DRACUT — On Thursday afternoon, the second-floor library of the Richardson Middle School sounded like the office of a Silicon Valley start-up.
Teams huddled around tables, whispering, and shouting out ideas and taking turns piecing together aerodynamic blades. Sixth-graders ran power drills under the supervision of their teacher, whose instructions included phrases like “failure means progress,” “specifications the contractor requested,” and “problem solve if you are unsure what to do.”
The students, in what is known as the Maker Space, aren’t designing apps and disruptive technologies — yet. But they are building roller coasters and wind turbines. And soon, with the help of an MIT scientist, they will also be genetically modifying cells.
“It’s a place where kids tinker, they build, they design, they create, and they discover,” said Principal Maria McGuinness.
The school repurposed part of its library in September to make room for the creative lab. Students in grades six through eight spend one class period there a week, tackling a project for a week or maybe two before moving on to the next challenge.
“You create the atmosphere and then you let them go,” said Sharon Krawczyk, the science teacher and human dynamo who oversees the class. The hands-on activities appeal to all students, including those with learning disabilities, and have brought out real passion for STEAM (Science Technology Engineering Art and Mathematics) education at the school.
“I had a group of girls last week who were not happy with our Phillips-head screwdrivers and they asked if they could bring in their own tools,” Krawczyk said.
The program has also drawn praise all the way from the White House, which recognized the newest addition to the Maker Space in a press release last month.
Dracut Public Schools has partnered with Natalie Kuldell, a biological engineering professor at MIT, and Amino Labs, in Canada, to introduce a cutting-edge new curriculum at the middle school.
The program, known as Biobuilder, will allow students to explore ways to genetically engineer cells through a computer program. And then, once certain equipment the district has ordered arrives, they will actually be able to engineer certain traits into cells in a Petri dish.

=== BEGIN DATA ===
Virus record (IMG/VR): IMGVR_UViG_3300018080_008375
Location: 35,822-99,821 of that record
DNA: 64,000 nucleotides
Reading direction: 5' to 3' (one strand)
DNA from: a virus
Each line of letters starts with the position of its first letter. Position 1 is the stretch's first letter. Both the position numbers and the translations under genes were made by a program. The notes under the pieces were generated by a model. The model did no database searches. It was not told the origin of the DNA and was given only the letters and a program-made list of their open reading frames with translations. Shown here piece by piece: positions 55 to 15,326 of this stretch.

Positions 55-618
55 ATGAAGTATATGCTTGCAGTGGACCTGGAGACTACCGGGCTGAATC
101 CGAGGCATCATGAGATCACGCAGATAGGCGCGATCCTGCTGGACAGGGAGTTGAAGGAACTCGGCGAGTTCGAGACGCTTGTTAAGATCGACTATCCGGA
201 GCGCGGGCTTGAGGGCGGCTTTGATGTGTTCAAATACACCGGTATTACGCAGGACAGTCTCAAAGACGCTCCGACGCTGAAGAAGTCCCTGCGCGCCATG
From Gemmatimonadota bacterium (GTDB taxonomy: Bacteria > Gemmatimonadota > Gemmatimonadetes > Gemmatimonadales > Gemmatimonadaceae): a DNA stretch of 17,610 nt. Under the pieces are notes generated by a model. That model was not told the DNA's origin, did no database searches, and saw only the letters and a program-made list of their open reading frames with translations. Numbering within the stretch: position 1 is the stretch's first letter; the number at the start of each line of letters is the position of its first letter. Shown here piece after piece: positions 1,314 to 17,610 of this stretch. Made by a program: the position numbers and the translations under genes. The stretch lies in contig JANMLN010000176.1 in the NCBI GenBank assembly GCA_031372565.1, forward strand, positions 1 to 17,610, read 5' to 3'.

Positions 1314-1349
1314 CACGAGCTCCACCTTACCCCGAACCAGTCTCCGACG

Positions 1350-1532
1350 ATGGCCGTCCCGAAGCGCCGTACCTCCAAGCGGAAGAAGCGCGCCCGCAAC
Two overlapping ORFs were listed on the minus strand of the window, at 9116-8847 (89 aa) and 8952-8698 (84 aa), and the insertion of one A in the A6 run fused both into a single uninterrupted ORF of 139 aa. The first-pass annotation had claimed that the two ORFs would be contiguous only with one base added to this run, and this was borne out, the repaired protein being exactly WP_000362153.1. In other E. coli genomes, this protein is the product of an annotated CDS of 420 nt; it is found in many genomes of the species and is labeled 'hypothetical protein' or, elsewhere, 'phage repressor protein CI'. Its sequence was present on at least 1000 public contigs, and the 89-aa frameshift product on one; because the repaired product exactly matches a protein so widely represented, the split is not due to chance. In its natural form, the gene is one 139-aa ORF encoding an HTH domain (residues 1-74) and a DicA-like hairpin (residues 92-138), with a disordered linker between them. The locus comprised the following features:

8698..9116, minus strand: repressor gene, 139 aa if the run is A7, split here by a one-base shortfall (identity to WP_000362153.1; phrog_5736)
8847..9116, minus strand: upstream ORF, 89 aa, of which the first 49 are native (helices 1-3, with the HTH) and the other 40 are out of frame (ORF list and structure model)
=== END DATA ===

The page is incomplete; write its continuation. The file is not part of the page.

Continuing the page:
“I can take a cell and manipulate the DNA to make it smell like a banana,” McGuinness said. “So it’s pretty out-there stuff for a kid, but it teaches them about cell structure and cell functions.”
In the Maker Space, students receive very few formal instructions. On Thursday, Krawczyk demonstrated the blade-shaft mechanism the sixth-graders would be working on in a few minutes and then set the pack off.
She and several assistants are available to help students and oversee the heavier equipment, but many of the teams ran straight to completed wind turbines sitting on a windowsill, brought them back to their tables, and began reverse engineering them.
“It’s not a teacher writing stuff on a board,” Dracut Schools Superintendent Steven Stone said. “We’re moving away from that and having our students engage in hands-on ways.”
Part of the motivation is short term: There are frequently questions on standardized tests, like the MCAS, that might give students a picture of a basic machine and ask them how they would improve the design.
It’s a lot easier to teach the fundamentals of a pulley or lever when you have one in front of you.
But the Maker Space is also just a step toward a long-term goal: Stone said he and the principals are working to establish a connected, creative curriculum from kindergarten through 12th grade that steadily introduces the skills needed to work in emerging technologies like computer science and bioengineering.
“We’re hoping they’ll really latch onto this tuff and realize they like working on it,” McGuinness said.
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